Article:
|These Skies are Dead.|
For over a year now, I have been converting and making molds for some Imperial Guard models with a focus on realism and scale, rather than ostentatious “grimdark” elements. While Eric quickly assembled and painted a few for Iron Sleet’s Thorn Moon Crusade, they were more of a proof of concept rather than my final vision of the models. After a lot of consideration, I decided to paint my first of the Imperial Guard models as soldiers who excel in urban warzones. Although it was a slow process, I completed the first model and wanted to talk about the painting process!
|I restricted my color palette to convey a realistic uniform that would allow a soldier to covertly traverse an urban warzone.|
|Rather than painting broad “tiger-stripe” camouflage, I decided to replicate a more delicate digital camo pattern.|
My primary goal for painting the specialist was to create a believable urban scheme. Most important to the scheme was designing a camouflage suitable for an urban environment. I spent some time searching the internet for urban camouflage and found that digital patterns (a pixelated pattern of multiple colors) were common on modern military uniforms. With that in mind, I set about painting my best imitation of a digital pattern on the model’s uniform. I started with a base color of Thunderhawk Blue for the uniform. Next, using a small brush I carefully painted random pixelated patterns using Fenrisian Grey, Black, and Pale Greyblue (Vallejo Model Color 907).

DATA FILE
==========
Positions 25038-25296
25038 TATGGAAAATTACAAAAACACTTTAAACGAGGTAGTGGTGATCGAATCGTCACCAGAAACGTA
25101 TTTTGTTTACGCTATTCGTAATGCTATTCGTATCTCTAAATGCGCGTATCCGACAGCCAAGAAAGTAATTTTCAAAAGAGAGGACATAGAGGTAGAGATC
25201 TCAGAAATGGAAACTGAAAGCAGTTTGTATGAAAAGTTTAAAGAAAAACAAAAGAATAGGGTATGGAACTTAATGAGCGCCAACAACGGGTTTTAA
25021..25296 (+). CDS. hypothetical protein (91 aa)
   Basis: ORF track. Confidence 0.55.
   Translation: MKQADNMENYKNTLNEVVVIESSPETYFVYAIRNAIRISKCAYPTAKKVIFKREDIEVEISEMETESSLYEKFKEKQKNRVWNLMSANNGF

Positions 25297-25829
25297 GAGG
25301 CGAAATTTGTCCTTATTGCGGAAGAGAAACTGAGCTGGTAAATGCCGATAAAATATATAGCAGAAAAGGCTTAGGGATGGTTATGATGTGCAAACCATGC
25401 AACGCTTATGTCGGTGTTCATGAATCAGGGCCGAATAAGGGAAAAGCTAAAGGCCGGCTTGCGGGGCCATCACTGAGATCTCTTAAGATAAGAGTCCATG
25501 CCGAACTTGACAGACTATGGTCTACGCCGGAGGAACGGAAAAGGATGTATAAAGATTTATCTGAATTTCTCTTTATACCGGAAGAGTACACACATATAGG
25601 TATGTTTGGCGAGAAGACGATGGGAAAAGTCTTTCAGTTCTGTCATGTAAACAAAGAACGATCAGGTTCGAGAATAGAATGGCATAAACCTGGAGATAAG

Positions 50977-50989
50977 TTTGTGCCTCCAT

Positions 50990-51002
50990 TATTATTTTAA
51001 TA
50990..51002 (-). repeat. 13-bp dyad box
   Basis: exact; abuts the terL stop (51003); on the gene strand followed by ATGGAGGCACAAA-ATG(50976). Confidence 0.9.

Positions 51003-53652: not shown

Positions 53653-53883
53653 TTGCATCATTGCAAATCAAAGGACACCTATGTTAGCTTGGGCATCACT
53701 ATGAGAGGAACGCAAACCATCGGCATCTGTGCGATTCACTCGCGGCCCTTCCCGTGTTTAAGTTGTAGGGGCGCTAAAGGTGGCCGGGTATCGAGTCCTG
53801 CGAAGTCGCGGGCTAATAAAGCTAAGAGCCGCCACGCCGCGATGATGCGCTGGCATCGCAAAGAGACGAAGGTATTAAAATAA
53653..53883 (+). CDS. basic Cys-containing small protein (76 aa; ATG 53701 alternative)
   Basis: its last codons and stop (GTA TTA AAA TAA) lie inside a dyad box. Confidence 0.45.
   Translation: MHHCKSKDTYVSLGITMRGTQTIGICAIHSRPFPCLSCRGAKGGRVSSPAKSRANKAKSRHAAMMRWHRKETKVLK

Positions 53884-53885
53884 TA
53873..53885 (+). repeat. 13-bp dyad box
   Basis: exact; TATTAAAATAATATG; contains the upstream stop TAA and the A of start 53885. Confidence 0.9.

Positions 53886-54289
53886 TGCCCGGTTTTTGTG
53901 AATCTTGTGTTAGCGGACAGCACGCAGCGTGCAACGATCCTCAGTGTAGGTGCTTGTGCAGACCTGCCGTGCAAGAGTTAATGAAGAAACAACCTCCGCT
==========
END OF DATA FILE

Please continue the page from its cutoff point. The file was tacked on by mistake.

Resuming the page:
|Rather than using GW’s Sector Imperialis bases, which I find to be overly busy, I created a simple one using textured plastic card.|
|Although I purposely kept the model primarily subdued blues and blacks, I did add a slight accent color by painting her bionic lens a yellow-orange.|
Aside from the camouflage fatigues, the guard have a lot of other gear such as straps, pouches, and gas masks. I opted to paint all of this equipment an unobtrusive black. For the black, I did a series of highlights adding increasing amounts of Ushabti Bone. I found if done carefully, this can create a subtle highlight without making what you are painting look grey. In addition to edge highlights, I spent some time adding scratches and wear marks on the black using the same greys.
|Although it is difficult to make out in the photos, I put a gloss coat over the boots to make it look like polished leather.|
|I used a stippling technique to make the stock of her shotgun appear to be textured.|
While it has been a long time in coming, I am really excited to have finished painting one of my converted Imperial Guard. It was really fun and rewarding to experiment with urban camouflage. Using a more modern digital style, rather than a tiger stripe pattern, was more difficult but also more striking. I am extremely happy with how the model turned out, thinking it effectively conveys what a trained reconnaissance soldier would look like.
- Adam Wier